.Htaccess and 301 Redirects and Rewrite – SEO Secrets to Indexation

by | Sep 21, 2018 | Content, SEO


301 redirect is the best method to preserve your current search engine rankings when redirecting web pages or a web site. The code “301” is interpreted as “moved permanently”.

After the code, the URL of the missing or renamed page is noted, followed by a space, then followed by the new location or file name. You implement the 301 redirect by creating a .htaccess file.


When a visitor/spider requests a web page, your web server checks for a .htaccess file. The .htaccess file contains specific instructions for certain requests, including
security, redirection issues and how to handle certain errors.


1. To create a .htaccess file, open notepad, name and save the file as .htaccess (there is no extension).

2. If you already have a .htaccess file on your server, download it to your desktop for editing.

3. Place this code in your .htaccess file:
redirect 301 /old/old.htm https://www.you.com/new.htm

4. If the .htaccess file already has lines of code in it, skip a line, then add the above code.

5. Save the .htaccess file

6. Upload this file to the root folder of your server.

7. Test it by typing in the old address to the page you’ve changed. You should be immediately taken to the new location.


RewriteEngine On

RewriteCond %{HTTP_HOST} ^seobook.com [NC]
RewriteRule ^(.*)$ https://www.seobook.com/$1 [L,R=301]

The ‘(*.)$’ says that we’ll take anything that comes after https://seobook.com and append it to the end of ‘https://www.seobook.com’ (thats the ‘$1’ part) and redirect to that URL. For more grit on how this works checkout a good regular expressions resource or two.

Note: You only have to enter ‘RewriteEngine On’ once at the top of your .htaccess file.

Alternately you may chose to do this 301 redirect from
in the Apache config file httpsd.conf.

<VirtualHost 67.xx.xx.xx>
ServerName www.seobook.com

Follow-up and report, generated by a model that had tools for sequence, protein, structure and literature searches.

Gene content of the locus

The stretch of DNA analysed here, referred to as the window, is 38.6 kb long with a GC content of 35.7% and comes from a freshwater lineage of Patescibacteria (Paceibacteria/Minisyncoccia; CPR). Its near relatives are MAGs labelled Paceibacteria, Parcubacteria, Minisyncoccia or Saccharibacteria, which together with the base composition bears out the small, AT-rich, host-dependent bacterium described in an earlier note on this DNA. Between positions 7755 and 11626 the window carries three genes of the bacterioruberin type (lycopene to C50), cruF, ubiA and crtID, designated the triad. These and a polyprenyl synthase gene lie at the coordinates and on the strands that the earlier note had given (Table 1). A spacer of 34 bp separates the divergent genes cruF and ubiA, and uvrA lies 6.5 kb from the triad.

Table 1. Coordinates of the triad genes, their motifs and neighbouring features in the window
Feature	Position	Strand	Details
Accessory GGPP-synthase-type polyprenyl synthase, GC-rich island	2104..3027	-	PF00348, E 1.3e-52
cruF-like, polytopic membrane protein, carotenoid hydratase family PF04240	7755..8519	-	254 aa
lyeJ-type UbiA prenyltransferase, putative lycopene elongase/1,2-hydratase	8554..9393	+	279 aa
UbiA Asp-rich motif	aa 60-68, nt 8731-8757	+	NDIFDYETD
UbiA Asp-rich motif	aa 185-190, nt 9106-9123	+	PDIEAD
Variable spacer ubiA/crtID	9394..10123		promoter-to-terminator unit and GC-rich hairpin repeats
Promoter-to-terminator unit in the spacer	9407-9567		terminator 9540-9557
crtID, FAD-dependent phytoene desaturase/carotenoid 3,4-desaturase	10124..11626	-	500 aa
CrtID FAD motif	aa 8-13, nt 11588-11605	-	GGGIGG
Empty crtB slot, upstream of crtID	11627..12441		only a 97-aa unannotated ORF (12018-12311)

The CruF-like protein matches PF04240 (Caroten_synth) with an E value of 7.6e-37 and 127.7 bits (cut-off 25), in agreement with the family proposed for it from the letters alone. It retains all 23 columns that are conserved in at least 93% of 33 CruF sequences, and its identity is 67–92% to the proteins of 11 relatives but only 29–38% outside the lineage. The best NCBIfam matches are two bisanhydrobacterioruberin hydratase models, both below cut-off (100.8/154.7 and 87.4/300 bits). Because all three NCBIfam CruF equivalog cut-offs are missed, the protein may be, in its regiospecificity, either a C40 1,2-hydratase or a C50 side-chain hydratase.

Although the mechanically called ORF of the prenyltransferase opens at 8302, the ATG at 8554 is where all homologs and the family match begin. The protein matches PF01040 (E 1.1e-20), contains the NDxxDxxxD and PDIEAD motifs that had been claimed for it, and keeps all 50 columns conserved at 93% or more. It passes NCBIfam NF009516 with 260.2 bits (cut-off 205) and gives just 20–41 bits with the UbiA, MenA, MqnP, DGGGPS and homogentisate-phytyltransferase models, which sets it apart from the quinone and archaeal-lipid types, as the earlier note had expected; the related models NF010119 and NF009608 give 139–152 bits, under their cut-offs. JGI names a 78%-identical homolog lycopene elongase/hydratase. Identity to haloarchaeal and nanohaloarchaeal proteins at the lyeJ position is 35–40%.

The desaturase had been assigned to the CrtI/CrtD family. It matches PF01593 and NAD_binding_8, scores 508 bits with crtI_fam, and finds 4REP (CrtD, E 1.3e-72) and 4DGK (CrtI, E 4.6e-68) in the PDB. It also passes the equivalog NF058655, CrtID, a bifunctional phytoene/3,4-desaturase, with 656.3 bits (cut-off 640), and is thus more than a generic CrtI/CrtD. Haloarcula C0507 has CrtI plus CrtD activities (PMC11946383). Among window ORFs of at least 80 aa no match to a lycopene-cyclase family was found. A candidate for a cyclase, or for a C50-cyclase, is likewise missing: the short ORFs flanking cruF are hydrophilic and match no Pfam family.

ServerAdmin webmaster@seobook.com
DocumentRoot /home/seobook/public_html

<VirtualHost 67.xx.xx.xx>
ServerName seobook.com
RedirectMatch permanent ^/(.*) https://www.seobook.com/$1

Note that often webhost managers like CPanel would have placed a ‘ServerAlias’ seobook.com in the first VirtualHost entry which would negate the following VirtualHost so be sure to remove the non-www ServerAlias.
301 www to non-www

Finally the www 301 redirect to non-www version would look like:

RewriteCond %{HTTP_HOST} ^www.seobook.com [NC]
RewriteRule ^(.*)$ https://seobook.com/$1 [L,R=301]
Redirect All Files in a Folder to One File

Lets say you no longer carry ‘Super Hot Product’ and hence want to redirect all requests to the folder /superhotproduct to a single page called /new-hot-stuff.php. This redirect can be accomplished easily by adding the following your .htaccess page:

RewriteRule ^superhotproduct(.*)$ /new-hot-stuff.php [L,R=301]

But what if you want to do the same as the above example EXCEPT for one file? In the next example all files from /superhotproduct/ folder will redirect to the /new-hot-stuff.php file EXCEPT /superhotproduct/tony.html which will redirect to /imakemoney.html

RewriteRule ^superhotproduct/tony.html /imakemoney.html [L,R=301]
RewriteRule ^superhotproduct(.*)$ /new-hot-stuff.php [L,R=301]
Redirect a Dynamic URL to a New Single File

It’s common that one will need to redirect dynamic URL’s with parameters to single
static file:

RewriteRule ^article.jsp?id=(.*)$ /latestnews.htm [L,R=301]

In the above example, a request to a dynamic URL such as https://www.seobook.com/article.jsp?id=8932
will be redirected to https://www.seobook.com/latestnews.htm
SSL httpss to https

This one is more difficult but I have experienced serious canonicalization problems
when the secure httpss version of my site was fully indexed along side my https version. I have yet
to find a way to redirect httpss for the bots only so the only solution I have for now is
to attempt to tell the bots not to index the httpss version. There are only two ways I know to do this and neither are pretty.

1. Create the following PHP file and include it at the top of each page:

if (isset($_SERVER[‘HTTPS’]) && strtolower($_SERVER[‘HTTPS’]) == ‘on’) {
echo ‘<meta name=”robots” content=”noindex,nofollow”>’. “\n”;

2. Cloak your robots.txt file.
If a visitor comes from httpss and happens to be one of the known bots such as googlebot, you will display:

User-agent: *
Disallow: /

Otherwise display your normal robots.txt. To do this you’ll need to alter your .htaccess
file treat .txt files as PHP or some other dynamic language and then proceed to write the cloaking code.

I really wish the search engines would get together and add a new attribute to robots.txt that would allow us to stop them from indexing httpss URLs.

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